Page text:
- What does your AST say about subletting?

Bel
16-02-2007, 23:48 PM
You may be interested in this thread on similar issue http://www.landlordzone.co.uk/forums/showthread.php?t=4606&highlight=lodger

If the tenant is living in the house with the 2 new people, she is not subletting; she has taken in lodgers.

As you agreement is for 6 months; it would be easy to put up the rent a little after the fixed term has ended; as 3 people cause more wear and tear to a property than 1.

If the rent is paid on time and otherwise they are helpful you may want to turn a blind eye to it.

If there are three unrelated people in a tenancy; the house becomes an HMO (house of multiple occupation), which may require more fire prevention measures to be installed. By letting your tenant have 2 lodgers, I believe that it is not an HMO. 2 lodges is the maximum one family can have in a home without it being an HMO. Members, corrrect me if I am wrong on that. So this may be more preferable for you.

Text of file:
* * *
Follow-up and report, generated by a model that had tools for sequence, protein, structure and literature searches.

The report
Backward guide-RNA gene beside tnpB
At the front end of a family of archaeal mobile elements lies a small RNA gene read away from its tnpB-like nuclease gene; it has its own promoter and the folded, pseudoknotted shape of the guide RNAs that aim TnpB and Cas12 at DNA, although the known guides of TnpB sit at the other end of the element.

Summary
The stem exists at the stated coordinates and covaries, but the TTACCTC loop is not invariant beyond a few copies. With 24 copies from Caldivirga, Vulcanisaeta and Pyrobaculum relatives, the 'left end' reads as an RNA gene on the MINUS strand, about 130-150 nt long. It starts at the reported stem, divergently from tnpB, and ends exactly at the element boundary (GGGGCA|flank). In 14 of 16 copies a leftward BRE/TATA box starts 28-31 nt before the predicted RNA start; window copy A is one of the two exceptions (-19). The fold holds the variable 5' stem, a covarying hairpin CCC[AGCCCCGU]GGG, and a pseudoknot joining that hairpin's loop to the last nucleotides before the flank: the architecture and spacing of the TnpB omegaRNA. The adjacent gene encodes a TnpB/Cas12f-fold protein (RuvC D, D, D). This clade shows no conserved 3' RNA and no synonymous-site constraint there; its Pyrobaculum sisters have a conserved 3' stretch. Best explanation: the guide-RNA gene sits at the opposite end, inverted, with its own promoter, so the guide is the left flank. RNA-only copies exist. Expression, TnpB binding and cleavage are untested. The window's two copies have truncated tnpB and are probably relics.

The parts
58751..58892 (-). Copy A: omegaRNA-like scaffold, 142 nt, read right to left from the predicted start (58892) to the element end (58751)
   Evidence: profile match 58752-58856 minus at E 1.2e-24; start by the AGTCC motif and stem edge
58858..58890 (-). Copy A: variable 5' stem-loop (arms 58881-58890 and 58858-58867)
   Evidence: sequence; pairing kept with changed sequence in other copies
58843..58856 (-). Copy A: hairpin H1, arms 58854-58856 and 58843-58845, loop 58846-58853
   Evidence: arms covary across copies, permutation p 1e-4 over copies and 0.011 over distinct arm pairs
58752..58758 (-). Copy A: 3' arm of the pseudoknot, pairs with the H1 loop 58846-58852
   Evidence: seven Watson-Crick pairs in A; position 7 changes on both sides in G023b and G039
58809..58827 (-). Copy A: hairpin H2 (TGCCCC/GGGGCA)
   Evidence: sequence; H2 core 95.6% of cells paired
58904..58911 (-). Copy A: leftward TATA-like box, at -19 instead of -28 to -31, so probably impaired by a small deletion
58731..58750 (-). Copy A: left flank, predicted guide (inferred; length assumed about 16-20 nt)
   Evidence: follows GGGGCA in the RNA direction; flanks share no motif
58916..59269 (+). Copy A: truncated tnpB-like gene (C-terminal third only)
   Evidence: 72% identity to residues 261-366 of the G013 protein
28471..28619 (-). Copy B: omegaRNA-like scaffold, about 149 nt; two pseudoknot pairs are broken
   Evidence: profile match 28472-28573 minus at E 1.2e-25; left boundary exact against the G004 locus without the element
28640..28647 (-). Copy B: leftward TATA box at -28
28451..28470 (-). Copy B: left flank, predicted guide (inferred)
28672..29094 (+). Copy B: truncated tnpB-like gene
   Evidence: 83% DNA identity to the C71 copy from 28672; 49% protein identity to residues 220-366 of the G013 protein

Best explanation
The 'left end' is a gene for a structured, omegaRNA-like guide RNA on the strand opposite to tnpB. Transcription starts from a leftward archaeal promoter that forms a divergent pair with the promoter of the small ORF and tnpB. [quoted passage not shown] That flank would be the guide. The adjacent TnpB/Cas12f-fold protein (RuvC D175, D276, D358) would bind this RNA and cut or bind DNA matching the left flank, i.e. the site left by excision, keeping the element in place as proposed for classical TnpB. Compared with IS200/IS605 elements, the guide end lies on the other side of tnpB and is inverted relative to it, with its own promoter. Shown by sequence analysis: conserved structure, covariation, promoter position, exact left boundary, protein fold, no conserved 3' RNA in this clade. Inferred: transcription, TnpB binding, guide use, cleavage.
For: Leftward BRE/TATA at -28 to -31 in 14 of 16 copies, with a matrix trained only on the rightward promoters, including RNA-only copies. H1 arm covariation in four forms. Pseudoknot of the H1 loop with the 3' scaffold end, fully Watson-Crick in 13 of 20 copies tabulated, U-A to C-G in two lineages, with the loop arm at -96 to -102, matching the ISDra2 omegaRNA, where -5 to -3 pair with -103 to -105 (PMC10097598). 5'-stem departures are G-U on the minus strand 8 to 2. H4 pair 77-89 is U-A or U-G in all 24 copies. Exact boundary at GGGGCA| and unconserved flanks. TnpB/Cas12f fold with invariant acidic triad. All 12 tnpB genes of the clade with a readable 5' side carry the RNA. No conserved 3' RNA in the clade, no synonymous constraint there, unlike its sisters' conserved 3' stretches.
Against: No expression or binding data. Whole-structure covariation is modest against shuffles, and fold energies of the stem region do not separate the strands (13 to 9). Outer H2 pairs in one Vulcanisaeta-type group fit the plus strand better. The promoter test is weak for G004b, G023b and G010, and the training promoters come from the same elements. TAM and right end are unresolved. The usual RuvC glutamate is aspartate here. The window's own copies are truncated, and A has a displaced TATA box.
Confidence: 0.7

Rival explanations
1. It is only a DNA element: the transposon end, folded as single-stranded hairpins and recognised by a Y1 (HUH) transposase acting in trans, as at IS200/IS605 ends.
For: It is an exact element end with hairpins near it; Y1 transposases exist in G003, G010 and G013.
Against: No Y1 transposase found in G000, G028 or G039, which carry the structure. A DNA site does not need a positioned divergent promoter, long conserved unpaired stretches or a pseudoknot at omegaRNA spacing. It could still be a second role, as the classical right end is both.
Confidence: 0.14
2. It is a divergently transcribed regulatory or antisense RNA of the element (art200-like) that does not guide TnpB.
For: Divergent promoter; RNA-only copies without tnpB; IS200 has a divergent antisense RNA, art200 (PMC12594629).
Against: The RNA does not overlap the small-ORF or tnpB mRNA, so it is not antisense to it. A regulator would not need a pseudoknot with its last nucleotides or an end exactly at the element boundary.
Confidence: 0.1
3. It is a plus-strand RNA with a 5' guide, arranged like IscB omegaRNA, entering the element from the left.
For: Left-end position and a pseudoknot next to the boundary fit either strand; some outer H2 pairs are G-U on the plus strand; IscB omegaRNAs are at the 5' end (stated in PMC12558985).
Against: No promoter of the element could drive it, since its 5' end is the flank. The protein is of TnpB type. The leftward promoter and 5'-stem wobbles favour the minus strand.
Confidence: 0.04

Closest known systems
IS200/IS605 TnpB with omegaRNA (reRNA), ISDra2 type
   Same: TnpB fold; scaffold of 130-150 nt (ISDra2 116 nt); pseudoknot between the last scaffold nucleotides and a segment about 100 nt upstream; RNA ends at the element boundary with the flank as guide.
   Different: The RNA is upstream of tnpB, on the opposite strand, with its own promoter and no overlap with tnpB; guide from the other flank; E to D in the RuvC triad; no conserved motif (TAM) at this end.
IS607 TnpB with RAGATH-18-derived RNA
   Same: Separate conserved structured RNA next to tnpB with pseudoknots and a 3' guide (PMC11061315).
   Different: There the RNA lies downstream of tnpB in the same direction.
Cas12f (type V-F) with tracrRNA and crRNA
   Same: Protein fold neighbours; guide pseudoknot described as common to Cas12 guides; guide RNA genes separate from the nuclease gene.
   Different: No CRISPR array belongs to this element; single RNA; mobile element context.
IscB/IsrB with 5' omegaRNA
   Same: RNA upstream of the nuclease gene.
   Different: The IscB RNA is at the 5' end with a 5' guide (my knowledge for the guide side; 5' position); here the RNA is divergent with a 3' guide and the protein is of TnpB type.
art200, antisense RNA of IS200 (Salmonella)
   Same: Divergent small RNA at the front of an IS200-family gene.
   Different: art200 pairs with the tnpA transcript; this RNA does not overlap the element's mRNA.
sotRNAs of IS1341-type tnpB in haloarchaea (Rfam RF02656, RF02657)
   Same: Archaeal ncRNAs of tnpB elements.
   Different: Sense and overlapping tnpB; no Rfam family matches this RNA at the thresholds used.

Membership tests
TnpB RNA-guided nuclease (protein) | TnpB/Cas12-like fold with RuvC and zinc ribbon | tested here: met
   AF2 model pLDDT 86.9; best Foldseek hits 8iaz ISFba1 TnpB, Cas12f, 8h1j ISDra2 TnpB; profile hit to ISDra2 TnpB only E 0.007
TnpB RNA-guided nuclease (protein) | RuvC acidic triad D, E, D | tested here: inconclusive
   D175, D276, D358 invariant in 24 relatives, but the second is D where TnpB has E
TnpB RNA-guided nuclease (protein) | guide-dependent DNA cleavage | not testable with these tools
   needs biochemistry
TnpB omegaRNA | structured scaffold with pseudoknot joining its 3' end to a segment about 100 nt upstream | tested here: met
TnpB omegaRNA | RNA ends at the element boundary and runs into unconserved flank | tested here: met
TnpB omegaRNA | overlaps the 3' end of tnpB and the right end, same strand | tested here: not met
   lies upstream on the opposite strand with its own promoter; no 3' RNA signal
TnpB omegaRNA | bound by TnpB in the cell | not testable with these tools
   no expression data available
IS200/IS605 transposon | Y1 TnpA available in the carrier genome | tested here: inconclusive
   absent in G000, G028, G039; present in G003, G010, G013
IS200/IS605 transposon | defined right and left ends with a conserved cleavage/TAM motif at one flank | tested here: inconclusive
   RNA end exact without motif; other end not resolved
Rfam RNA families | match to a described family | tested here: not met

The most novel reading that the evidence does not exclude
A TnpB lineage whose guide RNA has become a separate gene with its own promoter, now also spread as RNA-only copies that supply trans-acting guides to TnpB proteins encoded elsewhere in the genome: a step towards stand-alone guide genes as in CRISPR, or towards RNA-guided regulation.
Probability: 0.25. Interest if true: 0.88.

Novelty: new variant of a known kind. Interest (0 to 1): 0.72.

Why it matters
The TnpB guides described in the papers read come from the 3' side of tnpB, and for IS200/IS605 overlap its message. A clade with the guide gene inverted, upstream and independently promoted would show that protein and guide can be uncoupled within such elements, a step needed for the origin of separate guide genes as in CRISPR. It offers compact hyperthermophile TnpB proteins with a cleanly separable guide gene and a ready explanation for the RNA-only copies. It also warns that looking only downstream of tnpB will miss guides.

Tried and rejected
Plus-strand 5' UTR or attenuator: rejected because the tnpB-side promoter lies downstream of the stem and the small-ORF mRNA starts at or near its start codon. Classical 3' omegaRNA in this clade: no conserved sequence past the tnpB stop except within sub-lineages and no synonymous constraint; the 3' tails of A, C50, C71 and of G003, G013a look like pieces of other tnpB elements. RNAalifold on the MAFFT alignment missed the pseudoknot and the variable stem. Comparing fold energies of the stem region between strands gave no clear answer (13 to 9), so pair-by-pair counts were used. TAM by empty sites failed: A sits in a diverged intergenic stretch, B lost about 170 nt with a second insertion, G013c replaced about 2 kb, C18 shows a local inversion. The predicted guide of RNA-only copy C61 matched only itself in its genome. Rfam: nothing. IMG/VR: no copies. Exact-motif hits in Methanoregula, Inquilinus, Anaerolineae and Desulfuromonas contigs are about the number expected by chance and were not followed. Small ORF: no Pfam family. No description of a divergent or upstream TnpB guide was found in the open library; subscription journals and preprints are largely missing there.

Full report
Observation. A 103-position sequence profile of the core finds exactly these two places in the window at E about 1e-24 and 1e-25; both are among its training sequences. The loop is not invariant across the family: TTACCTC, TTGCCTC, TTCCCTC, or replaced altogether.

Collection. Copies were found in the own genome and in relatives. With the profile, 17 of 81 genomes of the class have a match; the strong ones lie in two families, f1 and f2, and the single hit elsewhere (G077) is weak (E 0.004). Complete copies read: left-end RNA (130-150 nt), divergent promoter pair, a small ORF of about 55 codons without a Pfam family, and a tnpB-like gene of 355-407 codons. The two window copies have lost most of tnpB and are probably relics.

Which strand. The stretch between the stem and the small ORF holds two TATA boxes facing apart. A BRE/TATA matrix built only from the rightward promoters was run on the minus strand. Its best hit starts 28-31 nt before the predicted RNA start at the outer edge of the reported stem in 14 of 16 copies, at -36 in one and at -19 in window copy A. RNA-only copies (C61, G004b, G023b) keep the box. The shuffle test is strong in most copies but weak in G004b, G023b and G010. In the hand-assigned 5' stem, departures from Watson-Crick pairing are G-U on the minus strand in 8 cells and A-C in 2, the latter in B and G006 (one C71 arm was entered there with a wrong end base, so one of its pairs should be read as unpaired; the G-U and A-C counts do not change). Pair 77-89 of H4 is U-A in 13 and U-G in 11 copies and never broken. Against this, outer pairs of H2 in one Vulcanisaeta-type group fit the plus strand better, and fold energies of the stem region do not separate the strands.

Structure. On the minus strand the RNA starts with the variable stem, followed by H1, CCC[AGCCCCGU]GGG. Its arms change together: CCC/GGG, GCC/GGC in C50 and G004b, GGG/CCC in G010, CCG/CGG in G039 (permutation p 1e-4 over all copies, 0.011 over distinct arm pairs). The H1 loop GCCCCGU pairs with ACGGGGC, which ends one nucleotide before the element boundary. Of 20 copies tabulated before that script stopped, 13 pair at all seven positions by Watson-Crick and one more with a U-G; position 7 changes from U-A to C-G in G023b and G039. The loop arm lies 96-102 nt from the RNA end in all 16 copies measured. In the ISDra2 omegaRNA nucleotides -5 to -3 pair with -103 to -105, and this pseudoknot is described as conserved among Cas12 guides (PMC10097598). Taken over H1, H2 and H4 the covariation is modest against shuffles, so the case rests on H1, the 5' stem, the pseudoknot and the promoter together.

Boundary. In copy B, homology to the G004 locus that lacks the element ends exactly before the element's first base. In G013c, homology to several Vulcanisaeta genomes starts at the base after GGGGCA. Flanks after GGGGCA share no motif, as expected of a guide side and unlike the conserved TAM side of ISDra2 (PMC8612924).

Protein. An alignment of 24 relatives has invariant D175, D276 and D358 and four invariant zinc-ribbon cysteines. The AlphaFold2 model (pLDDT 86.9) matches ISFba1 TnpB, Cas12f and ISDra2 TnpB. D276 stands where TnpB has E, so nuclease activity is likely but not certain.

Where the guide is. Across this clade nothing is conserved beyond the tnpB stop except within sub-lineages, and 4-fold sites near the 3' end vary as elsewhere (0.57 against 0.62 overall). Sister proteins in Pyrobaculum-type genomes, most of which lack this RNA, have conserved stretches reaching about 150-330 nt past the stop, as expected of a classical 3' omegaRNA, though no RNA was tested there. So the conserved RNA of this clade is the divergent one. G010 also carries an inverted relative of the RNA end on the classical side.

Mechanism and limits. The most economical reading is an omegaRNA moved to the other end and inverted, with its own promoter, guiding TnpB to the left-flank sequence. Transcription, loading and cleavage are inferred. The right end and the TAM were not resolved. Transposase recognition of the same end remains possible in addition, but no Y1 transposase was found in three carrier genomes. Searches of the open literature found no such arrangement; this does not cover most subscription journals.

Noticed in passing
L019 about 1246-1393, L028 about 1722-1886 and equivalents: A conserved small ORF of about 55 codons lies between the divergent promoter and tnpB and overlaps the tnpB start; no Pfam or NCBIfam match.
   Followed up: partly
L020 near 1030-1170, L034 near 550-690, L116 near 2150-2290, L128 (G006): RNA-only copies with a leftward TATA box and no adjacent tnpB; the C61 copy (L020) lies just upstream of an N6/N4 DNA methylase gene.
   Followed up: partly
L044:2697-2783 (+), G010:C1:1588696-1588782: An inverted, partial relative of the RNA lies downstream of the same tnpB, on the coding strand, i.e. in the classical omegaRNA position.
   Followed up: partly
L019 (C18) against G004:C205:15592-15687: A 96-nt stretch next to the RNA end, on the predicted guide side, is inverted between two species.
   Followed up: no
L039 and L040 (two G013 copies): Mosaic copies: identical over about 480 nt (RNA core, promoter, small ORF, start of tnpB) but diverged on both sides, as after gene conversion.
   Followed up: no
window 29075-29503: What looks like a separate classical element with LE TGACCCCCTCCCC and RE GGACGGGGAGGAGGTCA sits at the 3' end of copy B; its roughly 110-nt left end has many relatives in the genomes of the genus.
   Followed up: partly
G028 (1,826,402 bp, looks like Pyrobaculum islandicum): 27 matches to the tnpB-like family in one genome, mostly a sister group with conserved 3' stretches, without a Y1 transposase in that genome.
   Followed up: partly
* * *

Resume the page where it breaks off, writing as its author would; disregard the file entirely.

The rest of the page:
HappyFriendlyLL
17-02-2007, 10:25 AM
Hi,

Thanks for the replies,

The contract states:

"Not assign, underlet or part share possession of the property without the permission of the Landlord, such permission will not be unreasonably withheld"

"Not allow any visitor to stay for more than 3 weeks in any three month period"

Surely the tenant has signed this agreement so they should be aware of these terms and are subsequently in breach of the agreement. So there is nothing I can do about the tenant turning the lounge into a bedroom and charging rent to the extra people?

At present the 2 extra people are not causing any obvious problems and the first rent is not due till the end of the month so I'll see what happends then.

Thanks